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By Jason Stipp | 06-13-2012 01:00 PM

Marks: 'I Don't Know' Is the Best Conclusion on Europe

There are intelligent ways to invest despite extreme uncertainty--including the wisdom to accept when you don't know, says Oaktree Capital Chairman Howard Marks.

Jason Stipp: I'm Jason Stipp for Morningstar.

In times of market uncertainty and volatility, it can help to get back to the basics--help investors save some of their money and even make some money.

Here with me to help us to do that today, calling in is Howard Marks. He is the Chairman of Oaktree Capital. Howard is the author of a book called, The Most Important Thing. A new addition of that book, The Most Important Thing Illuminated, will be published soon. It's going to include annotations from noted investors including Joel Greenblatt, Seth Klarman and also Chris Davis.

The book draws on Howard's letters to Oaktree shareholders over the years. I'd call it a philosophical touchstone for investors. Howard is calling in today to help us apply some of those concepts to the current market.

Howard, thanks for calling in.

Howard Marks: It's my pleasure, Jason.

Stipp: Howard, you argue in book that, "To achieve superior investment results your insight into value has to be superior. Thus you must learn things others don't; see things differently or do a better job of analyzing them."

Recently, in the market, I think, a lot of individual investors feel like that they don't have the upper hand, that Wall Street has all the information. I think the Facebook IPO seemed to underscore that for a lot of investors, but you also argue that some of the big guys, some of the pros, have different risks than individual investors.

So, even if individual investors are at a disadvantage sometimes, what upper hands would you say they have in the market?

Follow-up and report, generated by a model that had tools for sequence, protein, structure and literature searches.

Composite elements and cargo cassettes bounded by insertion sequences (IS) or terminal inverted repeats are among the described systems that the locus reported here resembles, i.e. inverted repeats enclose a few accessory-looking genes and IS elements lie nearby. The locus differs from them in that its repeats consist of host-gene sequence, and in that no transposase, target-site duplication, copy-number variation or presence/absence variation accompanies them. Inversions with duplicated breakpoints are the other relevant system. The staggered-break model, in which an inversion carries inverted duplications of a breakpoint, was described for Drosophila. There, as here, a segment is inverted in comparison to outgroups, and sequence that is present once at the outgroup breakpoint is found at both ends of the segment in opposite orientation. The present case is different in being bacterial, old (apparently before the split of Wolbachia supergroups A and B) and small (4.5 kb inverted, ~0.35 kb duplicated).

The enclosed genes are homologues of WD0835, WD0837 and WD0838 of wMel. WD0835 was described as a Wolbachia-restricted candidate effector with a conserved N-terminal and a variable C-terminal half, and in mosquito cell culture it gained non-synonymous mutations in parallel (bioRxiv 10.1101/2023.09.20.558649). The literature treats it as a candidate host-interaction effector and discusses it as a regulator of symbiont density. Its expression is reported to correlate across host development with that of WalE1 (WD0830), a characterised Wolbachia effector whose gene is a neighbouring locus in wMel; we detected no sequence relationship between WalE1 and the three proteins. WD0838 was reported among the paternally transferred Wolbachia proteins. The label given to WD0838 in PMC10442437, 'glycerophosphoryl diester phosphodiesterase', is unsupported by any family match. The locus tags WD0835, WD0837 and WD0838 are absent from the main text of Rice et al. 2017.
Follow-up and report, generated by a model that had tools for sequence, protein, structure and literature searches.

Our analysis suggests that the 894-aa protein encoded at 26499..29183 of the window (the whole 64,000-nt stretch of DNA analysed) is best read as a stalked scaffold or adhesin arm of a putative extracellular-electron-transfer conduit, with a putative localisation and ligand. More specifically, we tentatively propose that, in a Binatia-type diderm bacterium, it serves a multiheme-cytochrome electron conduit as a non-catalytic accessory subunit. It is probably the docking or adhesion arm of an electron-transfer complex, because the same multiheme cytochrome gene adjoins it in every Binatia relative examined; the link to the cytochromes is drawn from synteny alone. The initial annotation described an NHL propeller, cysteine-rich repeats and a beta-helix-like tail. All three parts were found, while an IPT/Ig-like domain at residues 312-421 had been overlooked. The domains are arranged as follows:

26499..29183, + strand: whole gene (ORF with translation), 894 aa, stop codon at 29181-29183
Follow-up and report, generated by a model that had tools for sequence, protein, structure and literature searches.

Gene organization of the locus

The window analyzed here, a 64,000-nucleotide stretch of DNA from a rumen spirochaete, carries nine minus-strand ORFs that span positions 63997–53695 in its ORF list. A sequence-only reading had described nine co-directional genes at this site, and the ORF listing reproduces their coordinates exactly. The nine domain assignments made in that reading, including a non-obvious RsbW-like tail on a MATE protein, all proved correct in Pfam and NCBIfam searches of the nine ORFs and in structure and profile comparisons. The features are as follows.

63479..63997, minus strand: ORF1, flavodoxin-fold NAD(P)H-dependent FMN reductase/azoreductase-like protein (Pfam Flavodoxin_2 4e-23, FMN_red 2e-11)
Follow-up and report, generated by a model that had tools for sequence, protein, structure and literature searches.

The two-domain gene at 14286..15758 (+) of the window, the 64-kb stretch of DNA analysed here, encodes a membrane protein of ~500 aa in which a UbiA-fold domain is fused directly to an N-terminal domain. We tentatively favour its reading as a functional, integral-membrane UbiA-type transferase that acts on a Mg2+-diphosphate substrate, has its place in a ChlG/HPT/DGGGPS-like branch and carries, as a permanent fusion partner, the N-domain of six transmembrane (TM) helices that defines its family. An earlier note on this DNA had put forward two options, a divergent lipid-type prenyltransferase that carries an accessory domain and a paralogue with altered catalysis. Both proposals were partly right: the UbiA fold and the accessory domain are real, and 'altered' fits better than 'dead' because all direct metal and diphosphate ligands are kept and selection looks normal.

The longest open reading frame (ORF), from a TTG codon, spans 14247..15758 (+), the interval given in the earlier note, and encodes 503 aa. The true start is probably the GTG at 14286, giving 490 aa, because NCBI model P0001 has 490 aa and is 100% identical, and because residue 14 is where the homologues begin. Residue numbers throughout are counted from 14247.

Marks: Well, first of all, I'd like to make clear that, the so-called big guys don't have it easy, either, and they didn't share any better in Facebook than anyone else. The mistakes that are mostly made are pretty common across both individuals and institutional investors.

But I think that individuals do have certain advantages. Being smaller, they can be more nimble, their portfolios can be more liquid. Hopefully, they can make an active choice to invest or not invest, whereas most institutional investors don't have that choice and have to be invested.

One of the important keys to investment success is to look on from outside the maelstrom and understand what's going on. Believe me, institutions are not free of that requirement and it's no easier for them. There are a lot of institutional investors who are afraid they're going to lose their jobs if they don't keep up with their competitors. I think that the individual, of course, wants to do as well as the person next to him in the locker room and next to her on the train, but it's not the end of the world if they fall behind for a moment. These are all advantages that the small investor has, in my opinion.

Stipp: Howard, you mentioned the importance of being able to be outside the maelstrom and looking in. You write a lot about risk in the book, and one of the things that you wrote is, "We mustn't think of the future in terms of a single result, but rather as a range of possibilities. We must think about the full range not just the ones that are most likely to materialize."